Fascinating post.

  3. Both Hemingway and Gaiman used to emulate writers they respected. They eventually found their unique voices through this process. Many others writers did the same (and are doing), I’m sure. A beautiful article, thanks, Roger.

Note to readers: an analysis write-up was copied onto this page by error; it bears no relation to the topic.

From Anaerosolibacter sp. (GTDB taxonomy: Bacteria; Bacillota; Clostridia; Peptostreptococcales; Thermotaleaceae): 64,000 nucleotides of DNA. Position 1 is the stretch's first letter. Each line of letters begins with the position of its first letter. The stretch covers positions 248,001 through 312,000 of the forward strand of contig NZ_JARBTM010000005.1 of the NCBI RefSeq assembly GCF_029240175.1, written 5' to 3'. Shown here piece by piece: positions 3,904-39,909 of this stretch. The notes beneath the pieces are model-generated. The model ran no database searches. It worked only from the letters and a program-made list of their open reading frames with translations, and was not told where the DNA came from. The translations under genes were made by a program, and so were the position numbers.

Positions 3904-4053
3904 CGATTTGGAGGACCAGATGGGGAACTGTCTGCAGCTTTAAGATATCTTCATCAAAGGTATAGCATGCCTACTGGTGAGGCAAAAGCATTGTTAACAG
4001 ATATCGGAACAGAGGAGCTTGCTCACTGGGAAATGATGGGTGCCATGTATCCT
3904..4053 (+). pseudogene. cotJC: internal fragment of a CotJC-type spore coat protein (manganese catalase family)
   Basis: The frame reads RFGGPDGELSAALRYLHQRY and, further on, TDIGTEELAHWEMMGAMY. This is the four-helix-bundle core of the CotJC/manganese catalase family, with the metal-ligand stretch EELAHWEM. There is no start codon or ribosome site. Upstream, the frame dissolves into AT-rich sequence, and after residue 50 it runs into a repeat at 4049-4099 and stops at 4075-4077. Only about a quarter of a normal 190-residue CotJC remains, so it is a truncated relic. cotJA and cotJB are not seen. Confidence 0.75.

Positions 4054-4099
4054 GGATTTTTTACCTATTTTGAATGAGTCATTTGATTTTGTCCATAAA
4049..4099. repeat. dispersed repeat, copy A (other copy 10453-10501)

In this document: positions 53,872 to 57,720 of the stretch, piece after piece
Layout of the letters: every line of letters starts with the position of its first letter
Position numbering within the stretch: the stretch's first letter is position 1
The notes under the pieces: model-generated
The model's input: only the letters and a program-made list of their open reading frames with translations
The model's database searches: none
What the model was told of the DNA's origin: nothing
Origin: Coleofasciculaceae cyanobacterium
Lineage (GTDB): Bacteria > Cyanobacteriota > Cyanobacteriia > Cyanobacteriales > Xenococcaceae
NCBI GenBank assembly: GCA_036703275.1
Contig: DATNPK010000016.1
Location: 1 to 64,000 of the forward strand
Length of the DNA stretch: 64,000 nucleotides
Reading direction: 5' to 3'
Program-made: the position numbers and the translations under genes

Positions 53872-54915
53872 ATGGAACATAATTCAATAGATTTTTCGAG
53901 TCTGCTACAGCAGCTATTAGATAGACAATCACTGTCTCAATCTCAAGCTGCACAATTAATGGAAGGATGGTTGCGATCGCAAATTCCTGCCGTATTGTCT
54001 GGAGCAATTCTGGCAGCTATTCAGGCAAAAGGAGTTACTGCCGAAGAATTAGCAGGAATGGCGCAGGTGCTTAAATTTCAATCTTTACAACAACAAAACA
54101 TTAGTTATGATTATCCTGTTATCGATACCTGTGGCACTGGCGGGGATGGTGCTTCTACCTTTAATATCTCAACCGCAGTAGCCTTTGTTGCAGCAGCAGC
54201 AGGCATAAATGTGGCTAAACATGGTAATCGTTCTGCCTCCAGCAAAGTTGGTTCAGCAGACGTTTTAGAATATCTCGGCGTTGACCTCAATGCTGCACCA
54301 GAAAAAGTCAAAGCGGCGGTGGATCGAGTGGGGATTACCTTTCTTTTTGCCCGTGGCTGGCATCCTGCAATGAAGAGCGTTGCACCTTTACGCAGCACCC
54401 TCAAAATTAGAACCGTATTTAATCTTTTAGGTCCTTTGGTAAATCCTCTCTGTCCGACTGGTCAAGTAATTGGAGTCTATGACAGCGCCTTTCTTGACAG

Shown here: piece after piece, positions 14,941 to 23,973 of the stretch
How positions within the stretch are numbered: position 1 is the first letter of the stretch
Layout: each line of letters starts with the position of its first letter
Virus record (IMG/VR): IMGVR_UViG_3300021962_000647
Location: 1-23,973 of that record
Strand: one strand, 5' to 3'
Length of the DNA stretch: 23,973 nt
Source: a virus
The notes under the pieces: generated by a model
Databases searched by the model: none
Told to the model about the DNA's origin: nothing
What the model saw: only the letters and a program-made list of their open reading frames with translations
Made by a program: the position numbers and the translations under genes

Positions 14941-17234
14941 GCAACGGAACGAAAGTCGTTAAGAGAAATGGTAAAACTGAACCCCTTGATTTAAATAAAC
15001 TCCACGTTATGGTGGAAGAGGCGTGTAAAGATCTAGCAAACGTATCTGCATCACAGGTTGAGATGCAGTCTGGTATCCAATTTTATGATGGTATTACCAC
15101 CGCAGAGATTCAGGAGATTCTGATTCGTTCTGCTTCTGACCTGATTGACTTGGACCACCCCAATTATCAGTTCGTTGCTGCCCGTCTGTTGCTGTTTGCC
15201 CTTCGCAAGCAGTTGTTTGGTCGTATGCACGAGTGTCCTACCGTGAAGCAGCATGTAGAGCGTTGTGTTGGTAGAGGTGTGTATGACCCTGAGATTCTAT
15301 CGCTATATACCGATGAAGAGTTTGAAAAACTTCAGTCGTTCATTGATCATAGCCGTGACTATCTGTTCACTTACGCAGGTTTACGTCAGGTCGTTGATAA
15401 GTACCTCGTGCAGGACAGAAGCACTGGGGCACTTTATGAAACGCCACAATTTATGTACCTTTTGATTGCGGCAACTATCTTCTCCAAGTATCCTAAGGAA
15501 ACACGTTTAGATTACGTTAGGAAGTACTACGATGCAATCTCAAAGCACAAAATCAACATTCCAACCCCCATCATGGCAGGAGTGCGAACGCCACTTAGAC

4. Nice analysis, Roger. Dick was a phenomenal storyteller. To the points you make above, I’d add that Dick never made the mistake of explaining the social and technical machinery of the worlds he created in lumps of excruciating detail. Instead he let just enough context unfold slowly and naturally through dialogue and action, and used his wry sense of humor to enliven the telling. An example from The Man in the High Castle shows both of these skills at work: “To inspire himself, he lit up a marijuana cigarette, excellent Land-O-Smiles brand.” That single sentence delightfully says more about this society and this character than a page of exposition.